Budget 2021……whilst the tax hikes were not as many as forecast the actual tax take from the changes are significant, being the highest level since the late 1960’s. Also, as the Chancellor hinted, there may be more to come over the next few years to enable the books to be balanced in light of the recent, and continuing, funding provided by the government following the coronavirus outbreak.

As expected, the stamp duty land tax nil rate band of £500,000, which was due to finish at the end of this month, has been extended until the end of June, after which it will reduce to £250,000 until September 2021 when it will return to its previous level of £125,000.

The furlough scheme has been extended to September 2021, but with employers expected to contribute in August and September. Similarly, the self-employed scheme will also continue until September 2021 with tinkering to the current rules for the 5th grant, with the amount a business can receive based on how much it’s profits have been affected by COVID 19.

There was no increase in income tax, National Insurance or VAT, or the much-expected increase in capital gains tax rates to align them with income tax rates. Also no changes to inheritance tax.

Instead, there is a delayed increase in the rate of corporation tax to 25% with effect from April 2023 for companies with profits in excess of £250,000. For companies with profits less than £50,000, the “small profits rate” will remain at 19%, with a marginal rate of tax for companies with profits in between. As businesses are the ones that have benefited most from the government funding they are the ones that are expected to pay their fair share to reduce the deficit – his words not mine!!

From next month there will be a “super deduction “ of 130% for expenditure on plant and machinery to encourage businesses to put money back into the economy. Therefore, delaying any large expenditure on plant and machinery would be a very smart move. In addition, loss making companies will be able to carry back losses for up to 3 years, which is more generous than the current 1 year carry back.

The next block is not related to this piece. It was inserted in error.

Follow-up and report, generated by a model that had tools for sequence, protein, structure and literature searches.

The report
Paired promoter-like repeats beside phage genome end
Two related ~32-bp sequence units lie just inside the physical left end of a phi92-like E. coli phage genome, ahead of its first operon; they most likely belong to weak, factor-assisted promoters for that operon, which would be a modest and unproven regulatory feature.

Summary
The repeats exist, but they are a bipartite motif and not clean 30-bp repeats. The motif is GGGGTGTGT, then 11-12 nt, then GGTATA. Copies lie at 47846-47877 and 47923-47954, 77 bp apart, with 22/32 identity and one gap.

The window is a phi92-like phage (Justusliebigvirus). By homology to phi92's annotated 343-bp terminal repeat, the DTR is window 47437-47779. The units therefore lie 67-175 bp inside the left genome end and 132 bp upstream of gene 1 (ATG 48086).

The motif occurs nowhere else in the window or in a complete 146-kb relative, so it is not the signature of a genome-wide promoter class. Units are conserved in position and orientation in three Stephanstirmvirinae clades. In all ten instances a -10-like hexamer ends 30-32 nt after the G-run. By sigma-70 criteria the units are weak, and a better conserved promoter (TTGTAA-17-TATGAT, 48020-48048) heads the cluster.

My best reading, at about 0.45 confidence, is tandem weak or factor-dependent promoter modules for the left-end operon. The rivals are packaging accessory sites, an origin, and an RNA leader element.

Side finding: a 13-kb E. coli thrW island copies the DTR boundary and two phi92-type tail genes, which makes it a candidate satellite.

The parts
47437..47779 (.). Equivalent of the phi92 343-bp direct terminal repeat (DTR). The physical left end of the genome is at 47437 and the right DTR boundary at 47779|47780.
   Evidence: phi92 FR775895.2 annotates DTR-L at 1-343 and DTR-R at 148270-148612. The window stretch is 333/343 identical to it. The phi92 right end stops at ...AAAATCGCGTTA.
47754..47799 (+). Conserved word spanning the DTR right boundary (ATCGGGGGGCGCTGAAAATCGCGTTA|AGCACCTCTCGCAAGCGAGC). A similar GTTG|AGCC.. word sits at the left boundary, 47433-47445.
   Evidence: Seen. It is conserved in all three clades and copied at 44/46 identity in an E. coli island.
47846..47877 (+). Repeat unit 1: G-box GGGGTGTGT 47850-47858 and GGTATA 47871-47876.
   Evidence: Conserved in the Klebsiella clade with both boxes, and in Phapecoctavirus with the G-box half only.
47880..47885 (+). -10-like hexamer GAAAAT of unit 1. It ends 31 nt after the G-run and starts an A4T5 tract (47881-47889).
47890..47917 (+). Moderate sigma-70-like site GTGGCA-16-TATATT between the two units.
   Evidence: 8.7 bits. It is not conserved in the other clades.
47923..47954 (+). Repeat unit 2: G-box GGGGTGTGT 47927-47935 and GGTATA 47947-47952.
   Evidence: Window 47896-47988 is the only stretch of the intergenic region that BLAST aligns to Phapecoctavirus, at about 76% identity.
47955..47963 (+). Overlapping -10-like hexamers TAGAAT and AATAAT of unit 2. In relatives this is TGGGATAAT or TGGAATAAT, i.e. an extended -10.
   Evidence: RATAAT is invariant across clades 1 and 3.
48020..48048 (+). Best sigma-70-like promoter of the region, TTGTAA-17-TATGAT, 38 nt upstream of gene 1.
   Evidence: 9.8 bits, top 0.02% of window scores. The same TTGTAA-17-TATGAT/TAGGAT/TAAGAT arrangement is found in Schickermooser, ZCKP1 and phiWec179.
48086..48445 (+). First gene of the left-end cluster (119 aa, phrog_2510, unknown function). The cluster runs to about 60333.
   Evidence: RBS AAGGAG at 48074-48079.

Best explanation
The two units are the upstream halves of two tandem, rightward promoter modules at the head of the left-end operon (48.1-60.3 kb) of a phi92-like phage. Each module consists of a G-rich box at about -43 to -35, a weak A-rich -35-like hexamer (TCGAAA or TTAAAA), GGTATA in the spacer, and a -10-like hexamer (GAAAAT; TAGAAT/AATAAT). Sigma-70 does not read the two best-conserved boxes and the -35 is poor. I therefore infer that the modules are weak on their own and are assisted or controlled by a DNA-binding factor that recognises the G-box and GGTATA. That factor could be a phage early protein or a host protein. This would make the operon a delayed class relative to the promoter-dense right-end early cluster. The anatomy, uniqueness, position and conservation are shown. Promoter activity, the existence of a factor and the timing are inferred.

In addition, business rates holiday for the hospitality, retail and leisure industry, will continue until the end of June at 100% reducing to 2/3rds for the following 9 months.

Individuals are not untouched, with a freezing of the personal allowance until April 2026 at £12,570, the higher rate tax band at £50,270 and the capital gains tax annual exemption at £12,300. These freezes means that in the coming years more people will be liable to pay tax, with many becoming higher rate taxpayers.

Other measures include cancellation of any petrol and alcohol duties (ready for all those summer parties once lock down ends!!!) and continued reduced rate of VAT for hospitality. Also retail and leisure restart grants of £6,000 per premises for retail and £18,000 for the hospitality and leisure industry, to help to get these businesses back in their feet, and grants of £3,000 for business that employ apprentices to try and reduce unemployment.

One does wonder whether the chancellor has done enough, and what further measures will be made over the coming years to recoup the funding. My guess would be that capital gains tax and inheritance are still very much on his radar !!!